Families outraged by 9/11 Museum gift shop

Family of those killed in the September 11, 2001 terror attacks on the World Trade Center are reportedly infuriated by a new 9/11 Museum gift shop at the site, which sells trinkets such as mugs, books, t-shirts and other souvenirs.

The glass pavilion of the 9/11 Memorial Museum form the plaza. Credit: Aaron Adler The glass pavilion of the 9/11 Memorial Museum form the plaza.
Credit: Aaron Adler

 

Some of the families of those killed in the September 11, 2001 terror attacks on the World Trade Center are reportedly infuriated by a new 9/11 Museum gift shop at the site, which sells trinkets such as mugs, books, t-shirts and other souvenirs.

 

 

The National September 11 Memorial Museum will open its doors Thursday, offering visitors the chance to see 110,000 square feet of exhibitions for $24.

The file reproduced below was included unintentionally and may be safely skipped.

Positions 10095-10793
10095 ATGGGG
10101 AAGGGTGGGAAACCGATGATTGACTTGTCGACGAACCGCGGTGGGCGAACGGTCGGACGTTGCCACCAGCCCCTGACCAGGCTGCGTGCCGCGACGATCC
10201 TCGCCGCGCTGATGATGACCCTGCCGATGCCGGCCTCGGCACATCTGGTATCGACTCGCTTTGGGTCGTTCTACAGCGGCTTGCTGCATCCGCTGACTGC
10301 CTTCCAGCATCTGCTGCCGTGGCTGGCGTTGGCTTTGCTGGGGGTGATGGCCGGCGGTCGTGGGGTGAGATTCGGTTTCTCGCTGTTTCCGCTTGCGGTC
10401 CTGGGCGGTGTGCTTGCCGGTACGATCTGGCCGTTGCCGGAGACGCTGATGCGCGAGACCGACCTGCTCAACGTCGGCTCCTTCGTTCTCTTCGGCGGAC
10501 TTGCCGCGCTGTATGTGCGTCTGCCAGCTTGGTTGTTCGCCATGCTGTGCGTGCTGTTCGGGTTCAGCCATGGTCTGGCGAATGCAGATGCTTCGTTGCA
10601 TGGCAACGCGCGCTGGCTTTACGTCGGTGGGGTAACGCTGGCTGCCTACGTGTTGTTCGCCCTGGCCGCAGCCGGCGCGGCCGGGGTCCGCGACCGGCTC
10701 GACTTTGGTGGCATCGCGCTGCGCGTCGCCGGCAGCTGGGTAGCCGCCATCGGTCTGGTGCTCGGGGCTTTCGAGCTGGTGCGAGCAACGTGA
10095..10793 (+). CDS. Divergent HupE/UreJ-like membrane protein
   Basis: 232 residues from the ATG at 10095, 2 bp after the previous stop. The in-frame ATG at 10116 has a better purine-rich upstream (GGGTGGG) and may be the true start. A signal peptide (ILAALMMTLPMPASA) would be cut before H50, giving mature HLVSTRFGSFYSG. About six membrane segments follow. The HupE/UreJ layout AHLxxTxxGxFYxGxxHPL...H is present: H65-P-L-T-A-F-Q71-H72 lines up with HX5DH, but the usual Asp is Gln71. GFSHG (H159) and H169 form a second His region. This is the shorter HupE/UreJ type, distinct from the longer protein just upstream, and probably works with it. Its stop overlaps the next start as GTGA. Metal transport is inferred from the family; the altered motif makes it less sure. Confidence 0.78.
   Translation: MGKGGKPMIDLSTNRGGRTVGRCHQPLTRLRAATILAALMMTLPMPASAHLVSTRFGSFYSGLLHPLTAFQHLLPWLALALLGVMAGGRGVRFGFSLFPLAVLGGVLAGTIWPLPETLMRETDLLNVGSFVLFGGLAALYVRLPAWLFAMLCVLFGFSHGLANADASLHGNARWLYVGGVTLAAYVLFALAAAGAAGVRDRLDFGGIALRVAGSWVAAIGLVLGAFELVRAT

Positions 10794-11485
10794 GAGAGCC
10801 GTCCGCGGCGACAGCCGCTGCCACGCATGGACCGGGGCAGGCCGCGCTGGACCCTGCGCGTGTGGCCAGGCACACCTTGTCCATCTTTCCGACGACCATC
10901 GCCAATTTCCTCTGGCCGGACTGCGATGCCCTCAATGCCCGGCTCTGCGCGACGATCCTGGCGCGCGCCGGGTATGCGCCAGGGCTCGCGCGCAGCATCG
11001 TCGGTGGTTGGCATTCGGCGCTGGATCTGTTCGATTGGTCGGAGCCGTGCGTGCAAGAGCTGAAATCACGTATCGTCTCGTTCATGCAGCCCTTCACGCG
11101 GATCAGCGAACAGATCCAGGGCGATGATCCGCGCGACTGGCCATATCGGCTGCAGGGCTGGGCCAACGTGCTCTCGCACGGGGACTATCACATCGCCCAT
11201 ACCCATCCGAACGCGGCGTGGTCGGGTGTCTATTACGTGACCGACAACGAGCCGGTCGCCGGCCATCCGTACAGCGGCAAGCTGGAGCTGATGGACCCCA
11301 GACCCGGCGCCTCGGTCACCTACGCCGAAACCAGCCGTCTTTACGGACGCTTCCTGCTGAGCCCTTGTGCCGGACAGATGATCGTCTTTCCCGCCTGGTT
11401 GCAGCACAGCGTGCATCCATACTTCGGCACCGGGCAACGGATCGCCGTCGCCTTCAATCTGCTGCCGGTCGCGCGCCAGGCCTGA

Kurt Horning, whose son Matthew died on 9/11, told The Washington Post that the museum was "crass commercialism on a literally sacred site."

“It’s a burial ground. We don’t think there should be those things offered on that spot. If you want to do it, do it someplace else — but not right there," Horning said.

9/11 september 11 hat apparel 9/11 memorial museum A hat being sold by the 9/11 Memorial store. Photo: 911memorial.org

Nearly 3,000 people were killed at the World Trade Center during the September 11th attacks.

Jim Riches, whose firefighter son, Jimmy, died at the World Trade Center on 9/11, told the Post, "They’re down there selling bracelets; they’re making money off my dead son. I won’t go down there as long as those body parts are in the museum."

Organizers of the museum said the cost of operation, about $65 million annually, will require the support of gift shop revenue in addition to admission fees, CNNreported.

A message on the museum's website states "All net proceeds from our sales are dedicated to developing and sustaining the National September 11 Memorial & Museum. Thank you for helping to build a lasting place for remembrance, reflection, and learning for years to come."

9/11 Memorial CEO and President Joe Daniels has described the museum as a “living testament to our nation’s resiliency.”

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